Asked whether during his White House internship this summer any officials asked him how to fix the nation's budget impasse, Elliott Lynn laughed and said, "Definitely not."
But the Glenwood School graduate and Auburn University senior does feel his work made a positive impact beyond making coffee and filing documents. And although the interns aren't paid, Lynn figures the experience he earned will prove invaluable.
"You feel you're a small part of something bigger than yourself," he said.
Lynn was one of the four interns in the White House Office of Legislative Affairs, the liaison between the administration and Congress. The main goal is to help get the president's agenda passed. Lynn and another intern focused on the House of Representatives. They reported to a deputy assistant to the president.
Like a loyal official, Lynn declined to be specific about his work in the White House, citing security concerns, but he described his duties in general: He tracked votes; he wrote memos; he helped conduct events; he escorted visitors. He is most proud of the information he gathered that eventually reached the president.
For example, in advance of congressmen meeting with the president, Lynn would write a memo containing background about the representatives and the issues.
"This was on a very low level and obviously edited all the way up," he said.
Still, he knew his work was part of the chain that governs the nation.
"It's terrifying," said Lynn, 21, of Phenix City. "It's scary. You want to make sure that you're doing everything the right way, putting your best effort into everything that you do."
Despite interning for Sen. Richard Shelby, R-Ala., the previous summer, Lynn didn't expect to be selected for the White House internship.
"It's very competitive," he said, estimating he was one of about 140 interns among more than 1,000 applicants.
Lynn recalled the awe he felt the first day of his White House internship.
"You're overwhelmed with the fact that you are actually there," he said, "that you were lucky enough to be selected, because I know there are hundreds of people just as qualified."
Asked how he could intern for a Republican senator and a year later intern for a Democratic president, Lynn smiled and said, "I always considered myself a moderate independent, kind of in the middle. But I'm definitely a Democrat now. It's hard to work for the administration and not be."
And the White House staff sure works hard, Lynn learned.
"I never really had thought about the stress of the job and the amount of time and effort they put in," he said. "When I would leave, the staffers I worked for were always still there. We usually wouldn't leave before 7, sometimes 8."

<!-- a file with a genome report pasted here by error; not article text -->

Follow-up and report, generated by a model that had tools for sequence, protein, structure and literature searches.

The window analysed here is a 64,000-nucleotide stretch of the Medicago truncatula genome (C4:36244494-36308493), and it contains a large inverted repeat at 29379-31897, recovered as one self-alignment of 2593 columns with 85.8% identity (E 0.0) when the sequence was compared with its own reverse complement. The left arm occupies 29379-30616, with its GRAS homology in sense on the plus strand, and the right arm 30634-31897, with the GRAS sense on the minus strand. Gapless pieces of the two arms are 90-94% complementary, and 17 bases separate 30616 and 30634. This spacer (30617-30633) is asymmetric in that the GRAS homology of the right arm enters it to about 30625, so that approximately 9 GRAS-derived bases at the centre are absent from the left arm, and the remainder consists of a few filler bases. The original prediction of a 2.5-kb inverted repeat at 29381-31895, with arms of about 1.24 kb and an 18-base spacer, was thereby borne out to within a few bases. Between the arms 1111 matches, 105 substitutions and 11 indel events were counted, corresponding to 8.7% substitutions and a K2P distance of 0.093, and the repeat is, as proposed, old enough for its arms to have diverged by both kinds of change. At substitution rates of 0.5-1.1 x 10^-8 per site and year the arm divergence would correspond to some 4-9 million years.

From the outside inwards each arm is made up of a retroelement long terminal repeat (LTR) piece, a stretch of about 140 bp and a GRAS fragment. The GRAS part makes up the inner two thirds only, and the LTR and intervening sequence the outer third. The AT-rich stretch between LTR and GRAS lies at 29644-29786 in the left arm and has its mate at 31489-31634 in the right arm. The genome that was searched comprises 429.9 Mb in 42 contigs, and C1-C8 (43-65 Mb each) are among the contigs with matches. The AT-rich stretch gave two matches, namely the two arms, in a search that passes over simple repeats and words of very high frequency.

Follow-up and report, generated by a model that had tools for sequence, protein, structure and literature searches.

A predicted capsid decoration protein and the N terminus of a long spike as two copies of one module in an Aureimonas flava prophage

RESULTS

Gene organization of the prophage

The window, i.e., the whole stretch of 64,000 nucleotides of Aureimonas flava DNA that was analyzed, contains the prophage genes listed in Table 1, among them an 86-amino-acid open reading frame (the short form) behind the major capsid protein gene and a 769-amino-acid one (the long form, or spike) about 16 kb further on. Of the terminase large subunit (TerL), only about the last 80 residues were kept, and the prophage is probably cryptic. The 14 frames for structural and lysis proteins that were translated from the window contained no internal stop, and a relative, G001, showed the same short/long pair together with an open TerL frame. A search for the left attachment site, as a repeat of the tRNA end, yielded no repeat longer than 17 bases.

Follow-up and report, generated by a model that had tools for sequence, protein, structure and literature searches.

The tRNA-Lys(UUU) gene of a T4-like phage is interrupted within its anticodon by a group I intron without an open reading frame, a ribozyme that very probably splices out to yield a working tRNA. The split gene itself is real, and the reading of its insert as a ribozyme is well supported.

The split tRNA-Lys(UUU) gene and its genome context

But no matter how tired he got, he always appreciated the honor of working in the world's most powerful office.
"There's so much history there," he said. "There are places there where you can see the actual original structure, the way it was burned in the War of 1812. You just think about who has walked the same places you have."
Lynn never got one-on-one time with Obama, but the president spoke to the interns as a group, and Lynn did get a photo taken with the first lady.
"The other intern in my office, on her first day, was walking through the White House to go get her badge made, and (Obama) was walking in the other direction, and he stopped and spoke to her," he said. "I was jealous."
Lynn is majoring in political science and history. After he graduates in May, he plans to attend law school.
"I wouldn't mind ending up back in D.C., working somehow in an area related to politics," he said. "I'm not just absolutely focused on one thing yet. I have a wide variety interests. I want to get into the best law school possible so I have options."
His dream job?
"I would love to work for the State Department," he said. "I always wanted to go overseas and work, but more recently I've become interested in domestic politics."
Whatever career he pursues, Lynn said, the White House experience made him more optimistic about his future and the nation's despite the pessimism he hears from cynics.
"There are some huge, fundamental differences in viewpoints about what the role of government should be in our country, which is really difficult to get around," he said. "But I'm definitely confident, just from being more attuned to politics and learning more about the process, that everyone has what they think is in the country's best interest in mind. As long as people compromise, I am hopeful."